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Qualifications Based Selection (QBS) process for dam consultants

1. QBS Consultants 
2. QBS Process 
3. Getting Started 
4. General Questions 
5. Dam Inspections 
6. Dam Design Work 
7. Emergency Action Plan 

1. Selection of a Dam Consultant 

Owners of public and private dams will occasionally need advice and assistance when they need to make repairs, construct a new dam, or prepare an Emergency Action Plan. If you need help from a professional engineering design consultant, there is an objective, flexible procedure for obtaining these services known as Qualifications Based Selection (QBS). The QBS process is helpful to those who frequently require these services as well as those with little or no past experience working with design professionals. QBS provides owners with a selection process that is straightforward and easy to implement. The process is objective and fair, can be well documented, and is open to audit. 

QBS has received national and state attention in the public sector through legislation for many years. In October 1972, the federal government enacted Public Law 92-582 covering the selection of architects and engineers based on qualifications. The Michigan QBS Coalition was formed in 1984. In 1987, it undertook the charge by the Michigan Legislature in House Concurrent Resolution #206 to provide a documented understanding of the process. 

The QBS program offers a free facilitator service, (underwritten by six non-profit associations), to support owners in need of design professional services. The facilitator will meet with an owner, listen to the owner's needs, and answer questions. The facilitator can help set up a process for selection based on the owner's needs. 

The QBS facilitator will not do the following: recommend any individual or firms, provide evaluations or critiques on any individual or firms, or dictate the process to be used in the selection of a design professional. 

There is a twelve-minute video about QBS and a workbook with many ideas on how to use the QBS process. Both are available at no charge from: 

ACEC/Michigan, Inc.
215 N. Walnut St. 
Lansing, MI 48933

2. QBS: Recommended Process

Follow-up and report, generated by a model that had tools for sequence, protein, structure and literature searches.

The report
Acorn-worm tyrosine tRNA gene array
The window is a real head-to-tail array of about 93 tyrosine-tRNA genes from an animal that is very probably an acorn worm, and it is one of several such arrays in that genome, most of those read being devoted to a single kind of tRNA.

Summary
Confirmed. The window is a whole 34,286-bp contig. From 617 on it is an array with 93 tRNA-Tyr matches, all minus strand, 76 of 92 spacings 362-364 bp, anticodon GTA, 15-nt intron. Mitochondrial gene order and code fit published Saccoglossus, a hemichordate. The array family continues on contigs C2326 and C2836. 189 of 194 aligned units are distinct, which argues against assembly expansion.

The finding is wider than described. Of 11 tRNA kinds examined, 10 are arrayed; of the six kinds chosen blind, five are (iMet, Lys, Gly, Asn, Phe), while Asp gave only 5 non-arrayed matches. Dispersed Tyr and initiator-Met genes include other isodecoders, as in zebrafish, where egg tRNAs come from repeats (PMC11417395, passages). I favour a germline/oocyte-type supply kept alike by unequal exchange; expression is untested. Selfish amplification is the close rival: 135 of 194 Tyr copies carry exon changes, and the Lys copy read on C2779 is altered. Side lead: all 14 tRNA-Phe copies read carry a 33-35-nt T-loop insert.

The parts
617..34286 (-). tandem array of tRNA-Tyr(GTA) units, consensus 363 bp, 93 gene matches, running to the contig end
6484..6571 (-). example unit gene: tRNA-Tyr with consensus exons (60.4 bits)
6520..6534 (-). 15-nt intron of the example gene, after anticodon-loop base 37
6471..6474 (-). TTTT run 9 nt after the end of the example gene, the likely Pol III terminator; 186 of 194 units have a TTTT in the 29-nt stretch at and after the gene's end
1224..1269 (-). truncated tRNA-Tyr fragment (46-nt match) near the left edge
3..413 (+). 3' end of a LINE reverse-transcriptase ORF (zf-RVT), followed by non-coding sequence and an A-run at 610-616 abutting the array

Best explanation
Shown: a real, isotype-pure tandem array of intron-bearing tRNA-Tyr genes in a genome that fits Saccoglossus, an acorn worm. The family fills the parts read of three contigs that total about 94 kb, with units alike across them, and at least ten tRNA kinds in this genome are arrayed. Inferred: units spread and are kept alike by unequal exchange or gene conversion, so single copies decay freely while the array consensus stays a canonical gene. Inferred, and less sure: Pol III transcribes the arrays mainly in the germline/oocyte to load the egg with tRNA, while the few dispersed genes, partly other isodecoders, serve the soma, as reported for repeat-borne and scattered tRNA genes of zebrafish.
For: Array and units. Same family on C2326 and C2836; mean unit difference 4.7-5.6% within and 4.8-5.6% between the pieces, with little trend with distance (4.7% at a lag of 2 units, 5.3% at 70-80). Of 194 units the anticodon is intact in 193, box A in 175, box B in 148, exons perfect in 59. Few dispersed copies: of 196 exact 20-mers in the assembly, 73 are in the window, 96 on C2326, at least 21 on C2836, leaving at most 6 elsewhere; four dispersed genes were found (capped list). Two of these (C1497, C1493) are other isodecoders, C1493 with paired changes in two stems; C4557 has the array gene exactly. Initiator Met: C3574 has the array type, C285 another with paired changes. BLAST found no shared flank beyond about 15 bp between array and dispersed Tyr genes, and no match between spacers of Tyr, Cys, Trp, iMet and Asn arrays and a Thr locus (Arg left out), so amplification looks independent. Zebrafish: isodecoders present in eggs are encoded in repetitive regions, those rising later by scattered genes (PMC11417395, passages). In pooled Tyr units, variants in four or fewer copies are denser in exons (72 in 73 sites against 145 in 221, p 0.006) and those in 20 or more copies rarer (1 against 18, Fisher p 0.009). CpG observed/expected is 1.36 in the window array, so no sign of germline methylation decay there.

The QBS process recommended by the QBS Coalition includes the following steps: 

  1. The owner determines the preliminary scope of work. 
  2. The projected time frame is established. 
  3. A list of consulting engineering firms is assembled and/or the project is announced to the public when appropriate. 
  4. Letters of Qualifications are requested, received, and reviewed. 
  5. The Letters of Qualifications are evaluated to select a list of firms to be interviewed. 
  6. When appropriate, a tour of the site or facility is arranged. In some cases, only a briefing is necessary. 
  7. Interviews are conducted with the qualified firms. 
  8. The most qualified firm is selected and a complete scope of services is developed with that firm. 
  9. A contract is then negotiated with the selected firm. 
  10. Post-selection notifications are made to all firms that were interviewed. 
  11. The process is evaluated for future dam projects. 

3. QBS: Getting Started 

If dam construction or repair work is needed, the first step is to send a Request for Letters of Qualification. Names of potential consultants can be obtained from associations like ACEC/Michigan and the Michigan Society of Professional Engineers. This request asks for resumes of key personnel that would be assigned to the project, related experience, examples of similar projects, and the name of a contact person. It is important that the key personnel are licensed as a Professional Engineer in the state of Michigan. License information can be verified by calling the Michigan Department of Consumer and Industry Services, Office of Commercial Services at (517)241-9242. 

It is important to talk to the contact person to see if past projects were completed on time, on budget, and whether the owner is satisfied with the completed work. 

4. QBS: General Questions 

1. Is the staff person to be assigned to this project a licensed professional engineer in the State of Michigan? 

Yes. Most activities related to dam safety inspections require the services of a licensed professional engineer. 

2. Have members of your staff attended any of the EGLE sponsored dam safety workshops? If so which workshops? 

Yes. Most have not had specific titles, but are applicable to inspection and design. Recent workshops have addressed Emergency Action Planning for dams and are applicable to a client in need of an EAP for their dam. In addition, the Association of State Dam Safety Officials (ASDSO) offers many technical seminars each year. 

3. How are your fees developed? 

  • Fixed 
  • Hourly 
  • Combination 

4. Do you carry professional liability insurance? 

Whether this is critical depends on several factors, including the dam's hazard potential rating. 

5. Do you belong to any professional organizations? 

  • Association of State Dam Safety Officials (ASDSO) 
  • American Society of Civil Engineers (ASCE) 

Both of these organizations are dedicated to continuing and enhancing the technical expertise of its members. 

6. What do you know about a dam owners legal liability?